All posts by Rachel Mackintosh

From Samuel Parnell to the future: working  in union

with Rachel Mackintosh

Service Leader: Clay Nelson

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The Eight Hour Day is by Australian singer, songwriter, poet, John Warner, and is sung here with Margaret Walters.

Bread and Roses originated from a speech given by U.S. laabour union leader Rose Schneiderman; a line in that speech “The worker must have bread, but she must have roses, too.” (appealing for both fair wages and dignified conditions) inspired the title of the poem Bread and Roses by James Oppenheim. It is now most often sung to the tune by Mimi Fariña popularised by her sister Joan Baez.

Rachel Mackintosh © 21st October 2018

I mostly avoided history at school. Too much reading. I like reading. Modern poetry. Shortish novels. Brevity is the soul of wit. History had great heavy tomes. So when Clay asked me to speak on Labour Weekend, I thought, “Labour Day. Hmmmm. Samuel Parnell. What exactly?” I do believe in considering how the past has got us to here, but I’m often hazy on the details. Thank goodness for the New Zealand Dictionary of Biography. And Google. And before Google, thank goodness for the index. So I invite you to join me on a journey out of the haze. Continue reading From Samuel Parnell to the future: working  in union

Human rights. Whose rights? Our rights!

with Rachel Mackintosh

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https://youtu.be/tbllpc31nA4

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https://aucklandunitarian.org.nz/podcast/20180701_RachelMackintosh_HumanRightsWhoseRightsOurRights_Final.mp3

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Read below, or download the PDF

Rachel Mackintosh © 1 July 2018

E nga mana, e nga reo, e nga rangatira ma, tena koutou.
E te whare e tu ake nei, tena koe
E te whanau o Auckland Unitarians,
E nga manuhiri, tena koutou, tena koutou, tena koutou
Ko tangata tiriti te iwi
Ko E tu, Ko te Kauae kaimahi nga uniana
No Tamaki Makaurau ahau
Ko Rachel Mackintosh toku ingoa
No reira
Tena koutou
Tena koutou
Tena tatou katoa

“Rape culture is a culture where we normalise sexual violence. We see this on a continuum – from rape jokes, ‘locker room banter’ and victim blaming, through to catcalling, non-consensual sexual photos, to sexual coercion and rape.” These are the words of Gill Greer, CEO of the National Council of Women. Continue reading Human rights. Whose rights? Our rights!

Counting for nothing

Rachel Mackintosh, Vice-President, New Zealand Council of Trade Unions – Te Kauae Kaimahi.

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https://youtu.be/FnCxMjyhcjM

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https://aucklandunitarian.org.nz/podcast/20171126_RachelMackintosh_CountingForNothing.mp3

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Read below, or download the PDF

Opening words: The Black Unicorn – Audre Lorde

Rachel Mackintosh © 26 November 2017

“When we speak we are afraid our words will not be heard or welcomed. But when we are silent, we are still afraid. So it is better to speak.” Audre Lorde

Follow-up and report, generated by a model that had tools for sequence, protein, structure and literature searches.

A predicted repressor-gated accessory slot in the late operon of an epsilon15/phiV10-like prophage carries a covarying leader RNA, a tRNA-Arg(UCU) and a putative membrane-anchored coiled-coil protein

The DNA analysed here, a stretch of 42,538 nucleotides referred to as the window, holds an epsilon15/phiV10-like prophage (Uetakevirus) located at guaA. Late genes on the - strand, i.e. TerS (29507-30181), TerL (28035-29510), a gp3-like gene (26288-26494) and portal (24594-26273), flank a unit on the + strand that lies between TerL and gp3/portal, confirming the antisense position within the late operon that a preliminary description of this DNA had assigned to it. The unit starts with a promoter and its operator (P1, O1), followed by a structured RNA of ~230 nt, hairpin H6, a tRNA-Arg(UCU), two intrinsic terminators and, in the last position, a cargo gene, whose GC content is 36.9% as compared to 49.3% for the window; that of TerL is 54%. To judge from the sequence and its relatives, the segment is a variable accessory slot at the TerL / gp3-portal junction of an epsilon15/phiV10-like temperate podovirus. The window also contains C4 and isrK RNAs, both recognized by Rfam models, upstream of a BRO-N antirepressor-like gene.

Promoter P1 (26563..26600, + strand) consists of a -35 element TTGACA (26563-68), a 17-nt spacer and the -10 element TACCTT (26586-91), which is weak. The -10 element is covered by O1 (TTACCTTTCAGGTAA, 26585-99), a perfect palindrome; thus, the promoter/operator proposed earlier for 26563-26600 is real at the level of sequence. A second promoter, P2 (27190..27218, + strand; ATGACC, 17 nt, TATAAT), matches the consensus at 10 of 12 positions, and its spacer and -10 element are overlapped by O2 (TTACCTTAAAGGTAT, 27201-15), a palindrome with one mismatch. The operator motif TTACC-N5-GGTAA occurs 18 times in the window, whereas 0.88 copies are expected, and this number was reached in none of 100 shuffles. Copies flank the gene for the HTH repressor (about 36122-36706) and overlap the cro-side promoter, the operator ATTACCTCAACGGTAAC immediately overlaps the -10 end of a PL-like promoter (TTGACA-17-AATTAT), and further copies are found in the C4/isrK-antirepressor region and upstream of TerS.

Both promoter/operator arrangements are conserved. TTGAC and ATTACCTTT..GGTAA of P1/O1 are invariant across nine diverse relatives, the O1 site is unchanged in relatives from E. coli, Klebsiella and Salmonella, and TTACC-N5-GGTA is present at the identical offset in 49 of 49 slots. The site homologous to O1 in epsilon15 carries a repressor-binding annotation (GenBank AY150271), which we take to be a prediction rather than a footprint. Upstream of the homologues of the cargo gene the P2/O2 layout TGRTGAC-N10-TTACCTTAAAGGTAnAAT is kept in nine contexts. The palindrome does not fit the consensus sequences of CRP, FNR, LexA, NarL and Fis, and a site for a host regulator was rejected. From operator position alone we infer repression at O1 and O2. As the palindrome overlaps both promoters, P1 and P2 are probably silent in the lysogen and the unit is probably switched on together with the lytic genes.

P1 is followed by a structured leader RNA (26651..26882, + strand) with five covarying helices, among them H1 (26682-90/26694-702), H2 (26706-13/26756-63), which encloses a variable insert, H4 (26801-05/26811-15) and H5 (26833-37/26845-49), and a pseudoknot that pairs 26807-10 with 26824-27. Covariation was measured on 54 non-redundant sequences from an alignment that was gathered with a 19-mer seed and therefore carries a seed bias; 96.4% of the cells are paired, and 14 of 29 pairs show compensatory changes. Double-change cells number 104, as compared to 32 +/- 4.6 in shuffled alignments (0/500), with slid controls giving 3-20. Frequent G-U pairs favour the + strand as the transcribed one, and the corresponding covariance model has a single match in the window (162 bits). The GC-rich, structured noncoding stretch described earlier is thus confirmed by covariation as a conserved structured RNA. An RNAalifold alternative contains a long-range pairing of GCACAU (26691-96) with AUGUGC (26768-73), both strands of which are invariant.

In 2012, a woman called Kristine Bartlett had been working as a carer in the aged care sector for 19 years. Her pay rate was a whisper above the minimum wage. She had this in common with tens of thousands of care workers throughout New Zealand. So far, so ordinary.

She describes herself – in retrospect – as having been a quiet person at the time. She didn’t consider that she had too much to say.

Nevertheless, she went to court and she spoke. Continue reading Counting for nothing

A Brave and Startling Truth: Solidarity after Helen Kelly

Rachel Mackintosh

Vice-president, New Zealand Council of Trade Unions – Te Kauae Kaimahi,
National Director of Organising Etū, New Zealand’s largest private sector union.

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https://aucklandunitarian.org.nz/podcast/20161120_RachelMackintosh_ABraveAndStartlingTruth.mp3

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Or download the PDF of this page.

Opening Words are Kindness by Naomi Shihab Nye.

Peace and Social Justice GroupArticle in Quest (scroll to P4) re Samoan Dyslexia Aid Project.

Rachel Mackintosh © 20 November 2016

“Nothing wondrous can come in this world unless it rests on the shoulders of kindness.”

This is a quote from the Barbara Kingsolver novel, The Lacuna. The context is Leon Trotsky’s last day, in Mexico City, where he was living in exile, studying, writing and being part of a local community. Continue reading A Brave and Startling Truth: Solidarity after Helen Kelly

The Future of Work

By Rachel Mackintosh

Vice President of the NZ Council of Trade Unions and National Director of Organising for E tū, NZ’s largest private union.

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Rachel Mackintosh © 10 April 2016

When I was 10, I saw a terrifying programme on TV. I recall a scene outside a secondary school, kids milling around, in school uniform, jumpers, schoolbags, looking normal, waiting for their buses … kids living their lives, friendships, fears, jealousies, exams, misunderstandings, understandings, learning, growing up.

The programme was about how these kids, unlike their parents — who would have been in a scene pretty much the same at the same age — could expect to have trouble finding work when they left school. It was predicting unemployment. Continue reading The Future of Work